The impact of imputing missing data, potential confounders and studies with high risk of bias on the robustness of the findings will be assessed using a sensitivity analysis, that is, the meta-analysis will be performed twice, with and without such studies.

Patient and public involvement

The representatives of patients and public involvement groups were not involved in the development of this review protocol. The review findings will be disseminated to the public through social media and other public platforms.

Ethics and dissemination

We will only retrieve and analyse data from existing studies, hence no ethical approval is required. The review findings will be published in a peer-reviewed journal and presented in scientific conferences.

Ethics statements


IA, KM and HD are supported by the NIHR Manchester Biomedical Research Centre. The first author is also supported by the Deanship of Scientific Research at the College of Applied Medical Sciences Research Center at King Saud University.


Supplementary materials

  • Supplementary Data

    This web only file has been produced by the BMJ Publishing Group from an electronic file supplied by the author(s) and has not been edited for content.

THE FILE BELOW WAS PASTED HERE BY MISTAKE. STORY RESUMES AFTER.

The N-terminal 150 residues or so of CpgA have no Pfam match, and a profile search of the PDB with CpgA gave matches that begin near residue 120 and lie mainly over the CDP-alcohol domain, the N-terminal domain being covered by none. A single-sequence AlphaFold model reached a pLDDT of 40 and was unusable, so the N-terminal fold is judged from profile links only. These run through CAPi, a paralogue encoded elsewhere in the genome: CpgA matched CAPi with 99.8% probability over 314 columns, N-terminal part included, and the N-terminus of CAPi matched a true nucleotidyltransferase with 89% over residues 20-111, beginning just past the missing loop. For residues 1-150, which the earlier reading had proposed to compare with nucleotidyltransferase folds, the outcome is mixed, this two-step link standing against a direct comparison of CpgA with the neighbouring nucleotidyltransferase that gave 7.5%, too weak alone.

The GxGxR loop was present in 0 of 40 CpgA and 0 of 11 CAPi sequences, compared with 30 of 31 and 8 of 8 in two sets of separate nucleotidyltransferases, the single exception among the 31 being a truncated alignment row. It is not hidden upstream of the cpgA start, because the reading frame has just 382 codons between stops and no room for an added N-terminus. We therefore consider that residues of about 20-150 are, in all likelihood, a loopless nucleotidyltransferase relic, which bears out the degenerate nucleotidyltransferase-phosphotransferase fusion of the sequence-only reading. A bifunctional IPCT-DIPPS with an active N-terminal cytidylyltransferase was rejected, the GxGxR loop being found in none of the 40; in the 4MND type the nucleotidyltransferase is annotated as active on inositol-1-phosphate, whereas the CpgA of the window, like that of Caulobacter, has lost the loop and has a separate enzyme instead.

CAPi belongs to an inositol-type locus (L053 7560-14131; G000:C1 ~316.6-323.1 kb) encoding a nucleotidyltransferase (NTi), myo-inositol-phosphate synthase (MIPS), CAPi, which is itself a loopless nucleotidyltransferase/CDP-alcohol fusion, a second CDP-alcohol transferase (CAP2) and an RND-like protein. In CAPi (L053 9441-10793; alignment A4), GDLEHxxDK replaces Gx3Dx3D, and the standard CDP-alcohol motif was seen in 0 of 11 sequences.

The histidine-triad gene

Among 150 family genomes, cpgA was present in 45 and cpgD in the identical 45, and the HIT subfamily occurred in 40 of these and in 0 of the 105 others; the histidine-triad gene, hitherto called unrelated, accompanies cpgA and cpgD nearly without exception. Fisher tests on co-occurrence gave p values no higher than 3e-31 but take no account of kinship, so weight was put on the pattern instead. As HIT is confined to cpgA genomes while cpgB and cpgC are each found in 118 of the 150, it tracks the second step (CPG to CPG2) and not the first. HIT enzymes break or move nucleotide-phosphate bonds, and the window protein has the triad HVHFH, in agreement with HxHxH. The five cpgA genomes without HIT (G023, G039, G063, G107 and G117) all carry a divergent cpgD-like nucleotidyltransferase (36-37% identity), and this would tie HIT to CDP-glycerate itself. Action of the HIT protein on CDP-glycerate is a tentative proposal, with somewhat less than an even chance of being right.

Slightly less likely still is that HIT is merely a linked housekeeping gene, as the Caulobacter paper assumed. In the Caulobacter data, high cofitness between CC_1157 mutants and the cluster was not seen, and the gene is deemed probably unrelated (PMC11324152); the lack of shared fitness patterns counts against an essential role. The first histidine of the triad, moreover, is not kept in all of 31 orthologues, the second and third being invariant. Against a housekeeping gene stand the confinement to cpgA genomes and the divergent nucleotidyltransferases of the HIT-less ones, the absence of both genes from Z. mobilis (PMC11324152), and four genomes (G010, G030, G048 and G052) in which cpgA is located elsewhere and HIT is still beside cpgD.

• Twitter @ialmufarrij, @harveydillon3, @kevinjmunro

  • Contributors IA, the guarantor of this review, developed and drafted the initial version of this protocol and tested the preliminary search strategy. KM and HD contributed to the development, critically reviewed and provided extensive feedback on the earlier versions of this manuscript. Jan Schoones (an information specialist, Systematic Review Solutions) searched the databases. All authors approved this version of the manuscript.

  • Funding NIHR Manchester Biomedical Research Centre (funder reference: IS-BRC-1215-20007).

  • Competing interests None declared.

  • Provenance and peer review Not commissioned; externally peer reviewed.

  • Supplemental material This content has been supplied by the author(s). It has not been vetted by BMJ Publishing Group Limited (BMJ) and may not have been peer-reviewed. Any opinions or recommendations discussed are solely those of the author(s) and are not endorsed by BMJ. BMJ disclaims all liability and responsibility arising from any reliance placed on the content. Where the content includes any translated material, BMJ does not warrant the accuracy and reliability of the translations (including but not limited to local regulations, clinical guidelines, terminology, drug names and drug dosages), and is not responsible for any error and/or omissions arising from translation and adaptation or otherwise.